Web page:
Combining a Gorilla Safari with a Cultural Tour


It may sound in some way or another difficult to you however practically a gorilla trek and cultural safari visit to Rwanda and Uganda can be a success. I know you might have gone to these two nations either on a business trip or on a visit; however I question in the event that you attempted to investigate these two things without a moment’s delay. Joining these two undertakings is a lifetime experience connected with lower costs than anticipated. It allows a traveler to appreciate a portion of the uncommon encounters in the ever-green wildernesses of Africa.

With just 1000 mountain gorillas left on the planet, Rwanda and Uganda have 95% of these incredible apes and a safari to these two nations ensures one to track them in their regular environments. In Uganda, gorillas are found in Bwindi Impenetrable and Mgahinga National Park while for Rwanda, they are found in Volcanoes National Park. Fortunately enough, around these parks are different cultural settings of people with different norms which depict the genuine way of life of an African man.

Around Bwindi Forest for instance, there is a gathering of individuals known as the Batwa and these have attracted a large portion of foreigners who visit the park specifically to meet these people. A tourist once in a while may go to Bwindi just to track mountain gorillas yet as he/she tries to penetrate through the thick rain forests, he/she encounters with these individuals in the forest trying to assemble natural fruits for eating. Because of the astonishment and amazement, the trekker gets tempted to investigate more about these individuals who are at times alluded to as antiquated individuals. Their way of life is genuinely in reverse however rich with social marvels which draw out the genuine picture of how early men in Africa used to survive.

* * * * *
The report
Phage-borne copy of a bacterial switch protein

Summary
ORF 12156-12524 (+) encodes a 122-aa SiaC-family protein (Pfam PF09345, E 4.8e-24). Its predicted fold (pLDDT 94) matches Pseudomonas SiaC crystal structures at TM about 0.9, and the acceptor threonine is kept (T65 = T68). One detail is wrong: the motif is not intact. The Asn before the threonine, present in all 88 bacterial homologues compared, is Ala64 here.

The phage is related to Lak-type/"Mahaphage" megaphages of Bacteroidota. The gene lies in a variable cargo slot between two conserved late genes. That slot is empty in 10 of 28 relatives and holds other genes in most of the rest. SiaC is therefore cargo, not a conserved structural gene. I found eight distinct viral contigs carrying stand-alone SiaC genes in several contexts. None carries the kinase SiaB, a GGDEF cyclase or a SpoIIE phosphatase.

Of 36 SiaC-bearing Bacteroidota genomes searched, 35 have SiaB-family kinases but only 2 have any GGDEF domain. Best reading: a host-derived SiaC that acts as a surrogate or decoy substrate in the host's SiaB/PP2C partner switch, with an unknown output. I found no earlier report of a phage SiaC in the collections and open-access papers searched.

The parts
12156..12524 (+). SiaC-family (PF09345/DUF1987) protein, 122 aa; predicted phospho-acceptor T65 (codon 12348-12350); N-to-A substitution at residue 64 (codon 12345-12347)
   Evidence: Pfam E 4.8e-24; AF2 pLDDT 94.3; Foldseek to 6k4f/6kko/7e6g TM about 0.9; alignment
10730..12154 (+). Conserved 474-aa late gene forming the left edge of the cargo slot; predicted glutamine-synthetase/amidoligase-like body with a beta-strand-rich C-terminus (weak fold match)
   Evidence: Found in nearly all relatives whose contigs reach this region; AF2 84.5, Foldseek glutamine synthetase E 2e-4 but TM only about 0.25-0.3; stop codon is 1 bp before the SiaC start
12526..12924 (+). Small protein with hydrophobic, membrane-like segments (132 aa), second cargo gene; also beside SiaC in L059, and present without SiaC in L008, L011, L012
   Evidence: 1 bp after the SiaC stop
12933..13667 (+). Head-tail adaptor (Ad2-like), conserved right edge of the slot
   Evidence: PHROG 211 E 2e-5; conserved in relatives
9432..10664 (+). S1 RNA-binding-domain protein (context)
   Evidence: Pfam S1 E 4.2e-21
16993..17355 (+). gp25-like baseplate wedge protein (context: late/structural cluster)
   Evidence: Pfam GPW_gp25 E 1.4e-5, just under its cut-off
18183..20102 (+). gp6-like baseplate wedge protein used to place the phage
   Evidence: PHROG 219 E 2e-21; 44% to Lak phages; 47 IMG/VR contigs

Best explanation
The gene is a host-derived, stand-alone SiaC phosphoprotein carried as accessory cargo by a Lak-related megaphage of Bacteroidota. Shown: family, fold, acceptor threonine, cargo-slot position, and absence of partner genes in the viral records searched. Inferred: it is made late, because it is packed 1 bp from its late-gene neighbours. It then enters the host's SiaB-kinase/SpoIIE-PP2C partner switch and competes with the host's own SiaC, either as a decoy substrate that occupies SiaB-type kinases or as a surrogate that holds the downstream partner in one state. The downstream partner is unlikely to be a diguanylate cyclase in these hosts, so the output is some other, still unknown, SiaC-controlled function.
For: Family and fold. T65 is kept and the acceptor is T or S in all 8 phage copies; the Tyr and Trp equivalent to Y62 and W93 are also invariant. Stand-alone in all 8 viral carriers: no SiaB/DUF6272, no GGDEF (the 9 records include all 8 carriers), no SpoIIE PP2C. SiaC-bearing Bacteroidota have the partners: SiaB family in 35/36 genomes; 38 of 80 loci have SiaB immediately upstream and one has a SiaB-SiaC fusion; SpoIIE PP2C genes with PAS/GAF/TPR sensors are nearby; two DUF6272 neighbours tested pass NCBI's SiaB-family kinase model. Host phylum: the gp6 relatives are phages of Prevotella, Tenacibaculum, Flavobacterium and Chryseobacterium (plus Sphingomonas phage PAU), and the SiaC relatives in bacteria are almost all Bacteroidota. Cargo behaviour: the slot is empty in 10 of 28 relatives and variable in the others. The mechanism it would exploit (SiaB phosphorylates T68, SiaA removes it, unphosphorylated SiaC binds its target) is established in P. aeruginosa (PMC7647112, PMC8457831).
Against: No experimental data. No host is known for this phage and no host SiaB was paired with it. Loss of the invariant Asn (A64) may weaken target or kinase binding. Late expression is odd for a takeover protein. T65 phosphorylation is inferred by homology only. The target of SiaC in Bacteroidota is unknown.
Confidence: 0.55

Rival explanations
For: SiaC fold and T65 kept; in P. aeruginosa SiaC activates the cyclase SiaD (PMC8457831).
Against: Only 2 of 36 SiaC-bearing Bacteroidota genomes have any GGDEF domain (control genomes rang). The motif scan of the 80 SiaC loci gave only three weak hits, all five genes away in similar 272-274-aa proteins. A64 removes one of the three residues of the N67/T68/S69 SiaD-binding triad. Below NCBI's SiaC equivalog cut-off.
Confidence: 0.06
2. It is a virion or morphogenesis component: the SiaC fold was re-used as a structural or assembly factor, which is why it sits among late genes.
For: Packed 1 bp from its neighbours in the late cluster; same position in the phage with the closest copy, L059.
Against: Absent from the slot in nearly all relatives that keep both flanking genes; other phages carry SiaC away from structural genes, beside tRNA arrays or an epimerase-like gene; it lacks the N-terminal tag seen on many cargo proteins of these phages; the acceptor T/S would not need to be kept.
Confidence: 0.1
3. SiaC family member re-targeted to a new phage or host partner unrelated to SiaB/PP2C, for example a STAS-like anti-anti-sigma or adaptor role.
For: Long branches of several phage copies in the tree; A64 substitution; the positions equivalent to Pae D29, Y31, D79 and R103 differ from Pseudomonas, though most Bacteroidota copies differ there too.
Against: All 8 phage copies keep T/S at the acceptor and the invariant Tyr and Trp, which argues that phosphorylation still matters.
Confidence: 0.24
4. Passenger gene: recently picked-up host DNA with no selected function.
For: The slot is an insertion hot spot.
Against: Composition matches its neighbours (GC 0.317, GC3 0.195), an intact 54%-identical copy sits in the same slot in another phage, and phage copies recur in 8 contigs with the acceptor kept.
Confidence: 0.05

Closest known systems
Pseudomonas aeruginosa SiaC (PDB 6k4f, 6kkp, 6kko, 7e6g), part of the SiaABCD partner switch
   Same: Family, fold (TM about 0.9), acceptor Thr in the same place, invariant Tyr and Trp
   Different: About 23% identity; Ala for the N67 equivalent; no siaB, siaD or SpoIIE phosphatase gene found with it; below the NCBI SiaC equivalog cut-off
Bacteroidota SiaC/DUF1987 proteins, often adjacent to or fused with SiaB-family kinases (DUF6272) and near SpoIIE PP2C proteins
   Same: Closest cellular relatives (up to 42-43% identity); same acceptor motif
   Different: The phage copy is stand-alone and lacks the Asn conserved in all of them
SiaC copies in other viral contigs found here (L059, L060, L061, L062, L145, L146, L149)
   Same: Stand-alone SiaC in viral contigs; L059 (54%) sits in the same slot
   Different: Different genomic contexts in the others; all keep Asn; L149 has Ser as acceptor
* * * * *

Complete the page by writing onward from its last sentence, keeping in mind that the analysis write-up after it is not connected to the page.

I know a joined safari that includes both gorilla trekking and cultural visit is somewhat tedious and it takes more days however the experience which accompanies it is worth. It takes you nearer to the gorillas in the rain forests of East Africa furthermore close to the neighborhood individuals with interesting cultural settings.

When to go on a gorilla Safari and Cultural tours to Rwanda and Uganda

The best time to visit these two East African nations for this experience is amid the dry seasons. Since these nations share the area and are both close to the equator, they have the same climatic conditions. Both have two dry seasons in a year, mid –December to February and June to September. This is the best period to visit essentially in light of the fact that it’s the point at which the national parks have dry landscapes which makes the movement easy. Amid this time, it is not difficult to discover a gorilla family in the rain forest as they attempt to search for sustenance and water. In favor of cultural tours, dry season is perfect since neighborhood individuals can without much of a stretch be found as you travel through the different villages. During the dry season, people don’t spend much time in the gardens and therefore they are easily found on a cultural visit. It is amid the rainy season when they spend just about the entire day in the gardens making it hard to find them.

Yellow Baboon